Edgartown Inn, Martha’s Vineyard

This quaint inn is centered more around historical charm than modern amenities. It offers spacious but basic rooms donning a mix of Colonial and Queen-Anne furnishings, floral and toile wallpaper, and other antique touches that make you feel as if you’re stepping back to 1798 (when the inn was originally built as a residence for whaling Captain Thomas Worth). The history of the inn is rich (John F. Kennedy stayed here while he was a state senator), but its history also means there are thin walls, creaky floors, and a lack of amenities. The central location, though, makes it an excellent base from which to explore the surrounding charming town and beaches. But plan to do so only during tourist season — the inn is closed from November to early April. Located close to Main Street in the middle of the quaint Martha’s Vineyard town of Edgartown, the hotel grants guests quick access to shops, galleries, and restaurants. Plus, the harbor is a short walk away.

Little America Hotel, Salt Lake City

The 850-room Little America Hotel is one of Salt Lake City‘s grand dames gracing South Main Street. The lobby has an elegant (if somewhat stuffy) feel with marble floors, wood-paneled walls, and a large central chandelier. The massive rooms are decorated with pastels and floral patterns (maintaining the nice but somewhat dated feel), and guests should note that, though the garden rooms and tower rooms share a similar decor and size, tower rooms have been updated with nicer bathrooms, flat-screen TVs, and iPod docks, while garden rooms have mint-green, 70s-style bathrooms and tube TVs. The indoor/outdoor pool and large outdoor pool and whirlpool are big draws, as are the spacious fitness center and lovely sauna.

The Norwich Inn, Vermont

The historic Norwich Inn — where President James Monroe and Dr. Seuss have both stayed — is a quaint, well-maintained inn with just 38 rooms. Rooms have a cozy New England feel, with floral wallpaper, Victorian antiques, and exposed brick, but they also offer modern amenities such as flat-screen TVs and free Wi-Fi. Rooms are divided between the Main House, Ivy House, and Walker House, and vary both in size and decor. While the inn is popular with those visiting nearby Dartmouth College, it also attracts visitors for its on-site brewery, welcoming pub, and formal dining room for tasty, filling meals.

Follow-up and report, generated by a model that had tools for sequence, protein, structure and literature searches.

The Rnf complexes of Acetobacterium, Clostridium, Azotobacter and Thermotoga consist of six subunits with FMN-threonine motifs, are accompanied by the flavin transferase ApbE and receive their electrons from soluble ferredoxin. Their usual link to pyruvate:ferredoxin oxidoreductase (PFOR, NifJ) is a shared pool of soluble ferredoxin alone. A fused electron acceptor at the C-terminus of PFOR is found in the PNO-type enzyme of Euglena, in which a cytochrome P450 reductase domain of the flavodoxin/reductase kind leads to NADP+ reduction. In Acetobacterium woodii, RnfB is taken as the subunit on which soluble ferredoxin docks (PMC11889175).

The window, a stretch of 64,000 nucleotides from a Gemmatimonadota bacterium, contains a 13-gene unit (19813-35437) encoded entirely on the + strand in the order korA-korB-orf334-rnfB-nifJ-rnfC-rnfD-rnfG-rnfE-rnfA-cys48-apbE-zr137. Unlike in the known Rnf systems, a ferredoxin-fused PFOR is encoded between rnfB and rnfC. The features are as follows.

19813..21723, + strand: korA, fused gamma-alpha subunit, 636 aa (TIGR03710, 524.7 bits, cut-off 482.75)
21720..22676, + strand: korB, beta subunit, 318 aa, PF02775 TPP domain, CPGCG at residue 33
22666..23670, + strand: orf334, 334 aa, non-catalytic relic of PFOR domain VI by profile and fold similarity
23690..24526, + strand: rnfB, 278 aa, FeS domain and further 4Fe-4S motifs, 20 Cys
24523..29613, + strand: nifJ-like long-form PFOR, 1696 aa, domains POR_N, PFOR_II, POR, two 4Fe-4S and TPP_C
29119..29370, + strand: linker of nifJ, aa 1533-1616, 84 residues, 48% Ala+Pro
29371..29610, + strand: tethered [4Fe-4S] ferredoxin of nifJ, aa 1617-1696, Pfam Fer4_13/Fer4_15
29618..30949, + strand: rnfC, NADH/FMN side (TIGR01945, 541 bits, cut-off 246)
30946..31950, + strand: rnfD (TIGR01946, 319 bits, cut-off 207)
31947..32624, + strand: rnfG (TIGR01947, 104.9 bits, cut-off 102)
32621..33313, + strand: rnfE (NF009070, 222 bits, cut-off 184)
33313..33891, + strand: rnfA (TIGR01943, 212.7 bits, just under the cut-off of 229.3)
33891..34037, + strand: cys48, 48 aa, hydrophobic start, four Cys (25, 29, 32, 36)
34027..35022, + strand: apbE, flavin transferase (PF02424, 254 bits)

Lambert’s Cove Inn & Restaurant, Martha’s Vineyard

Lambert’s Cove Inn is a cozy spot in a remote location. Here, it’s quiet (provided you book a room away from the front desk) and quaint, with a home-like feel and beautifully manicured grounds. The resort doesn’t allow children under eight, which helps preserve the serene atmosphere. The free daily made-to-order breakfast during the high season is superior to the buffet-style breakfasts offered by many inns. The nice heated outdoor pool and whirlpool are highlights, and the hotel also offers free Wi-Fi and a tennis court (though the court is showing serious signs of wear). Rooms are mostly charming, though decor varies widely. The winding driveway to Lambert’s Cove Inn is roughly a mile long off the road, meaning the area is as remote as it gets around Martha’s Vineyard.

Vineyard Square Hotel & Suites, Martha’s Vineyard

Formerly the Colonial Inn, the Vineyard Square Hotel has reinvented itself as a modern-day hotel. Since its opening in 1911, the inn has counted a number of celebrities among its guests, such as Howard Hughes, John F. Kennedy Jr., Jacqueline Kennedy, and I.M. Pei. This historic building’s location near Main Street overlooks Edgartown harbor and the historical waterfront district, and it’s good to note that noise can be an issue for street-facing rooms during the summer when the shops and restaurants are open later to accommodate the hordes of seasonal visitors who descend upon the islands. Extensive renovations over the years have brought about fresh, airy rooms, modern technology (free Wi-Fi, flat-screen TVs, and iPod docks), and updated amenities (a salon, fitness center, and popular on-site restaurant). The luxury suites offer the most high-end accommodations, with spacious kitchenettes and private decks.